This is yet another great release from the Zappa family trust. Excellent material (yes, one of my favorite line ups), great sound, not as “close” as Frank used to make them, but the sound is clear and the balance between the intruments and voices is very good. In some selections the vocals are a little too low though.
The sound is compressed BUT it’s not overdone, like on the Buffalo album. It’s more like the Philly ’76 album.
To celebrate the 70th birthday of Frank Zappa, Hunchentoot presents a group show featuring the work of Pit Noack, Stefan Roigk, Heidrun Schramm, Oliver Schmidt and Nicolas Wiese. All of whom are working with sound installation. Like Zappa they use eclectic assemblage and deconstruction to develop an open form of individual references to Zappa and his multifarious work. Using comic, collage, diapositive projectors and sounds the artists create a joint collage of five individual positions. In the tradition of Frank Zappa they create a situation, in which bicycle sounds, grotesque laughter, guitar solos, notation and utopian ideas combine to an oeuvre between composition and improvisation.
All this happens in Berlin (I love it, I love it!) this december at Galerie Hunchentoot (as I see it this program is not yet on their homepage). Otherwise it opens right before FZ’s birthday:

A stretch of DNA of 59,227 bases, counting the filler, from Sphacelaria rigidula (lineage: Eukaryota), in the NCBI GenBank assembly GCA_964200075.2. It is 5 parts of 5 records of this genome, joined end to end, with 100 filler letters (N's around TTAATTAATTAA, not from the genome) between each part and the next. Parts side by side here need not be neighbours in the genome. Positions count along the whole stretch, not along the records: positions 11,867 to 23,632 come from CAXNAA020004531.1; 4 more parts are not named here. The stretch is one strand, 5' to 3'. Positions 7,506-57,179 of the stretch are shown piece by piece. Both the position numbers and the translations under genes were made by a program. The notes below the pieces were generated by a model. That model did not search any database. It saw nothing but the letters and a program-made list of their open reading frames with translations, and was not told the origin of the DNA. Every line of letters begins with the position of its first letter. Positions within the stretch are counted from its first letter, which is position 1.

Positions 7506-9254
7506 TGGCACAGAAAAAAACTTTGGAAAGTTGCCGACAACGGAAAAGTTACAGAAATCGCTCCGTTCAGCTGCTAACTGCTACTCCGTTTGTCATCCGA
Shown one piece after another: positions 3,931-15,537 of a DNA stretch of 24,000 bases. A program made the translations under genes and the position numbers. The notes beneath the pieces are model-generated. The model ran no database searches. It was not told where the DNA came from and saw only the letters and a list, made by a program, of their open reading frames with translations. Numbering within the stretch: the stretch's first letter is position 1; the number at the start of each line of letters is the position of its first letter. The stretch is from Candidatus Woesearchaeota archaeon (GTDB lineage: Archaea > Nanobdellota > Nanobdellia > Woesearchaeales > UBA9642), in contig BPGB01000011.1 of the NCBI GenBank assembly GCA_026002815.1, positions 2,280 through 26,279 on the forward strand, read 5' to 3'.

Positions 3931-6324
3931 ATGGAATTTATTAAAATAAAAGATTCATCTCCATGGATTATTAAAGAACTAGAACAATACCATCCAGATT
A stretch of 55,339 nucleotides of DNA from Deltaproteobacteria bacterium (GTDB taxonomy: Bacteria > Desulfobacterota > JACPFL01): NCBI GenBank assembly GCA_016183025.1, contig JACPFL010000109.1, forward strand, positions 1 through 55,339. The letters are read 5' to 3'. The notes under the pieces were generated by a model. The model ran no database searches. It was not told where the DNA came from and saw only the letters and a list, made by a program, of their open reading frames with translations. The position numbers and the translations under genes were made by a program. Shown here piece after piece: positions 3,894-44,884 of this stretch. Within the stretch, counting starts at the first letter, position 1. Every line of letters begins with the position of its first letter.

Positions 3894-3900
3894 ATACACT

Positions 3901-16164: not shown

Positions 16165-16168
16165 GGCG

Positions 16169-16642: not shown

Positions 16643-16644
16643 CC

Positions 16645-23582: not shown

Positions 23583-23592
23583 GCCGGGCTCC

Group Show 04.12.2010 – 12.02.2011
Opening 03.12.2010 19 – 22 Uhr
In this interview clip, Frank Zappa makes an appearance as a guest on the short-lived talk show, Thicke Of The Night, hosted by Alan Thicke, on May 30th, 1984, promoting his upcoming tour, as well as a never filmed satirical video.
It didn’t surprise me that so much of middle America took to Thicke‘s wholesome image. We Canadians had been tuning out his afternoon talk show, The Alan Thicke Show, since it aired in 1980.
If they’ll swallow Alan Thicke (some network executive must have thought), they’ll swallow anything!
Over the last few weeks and months, fellow KUR-Meisters, while compiling the various mixtapes for Kill Ugly Radio, I had an idea for an ongoing weekly “listening session” of various artists and groups, both Zappa-related along with his contemporaries, as well as others, from various field recordings, FM radio broadcasts, and internet webcasts.
I brought the idea to Barry who also shared my enthusiasm for a weekly “listening session” and he gave the project an enthusiatic green light. Anyone who knows me, knows that I have a near rabid love of recorded live music, so it can pretty much be guaranteed that my contributions to the “Sunday Big Note” listening sessions will be of the “live music” variety. What the other SBN contributors will contribute, though, will be as much a surprise to me as it is to you.
Without further ado, for your listening pleasure, I present The Billy Cobham/George Duke Band at McAlister Auditorium, New Orleans, Louisiana, on February 18th, 1976: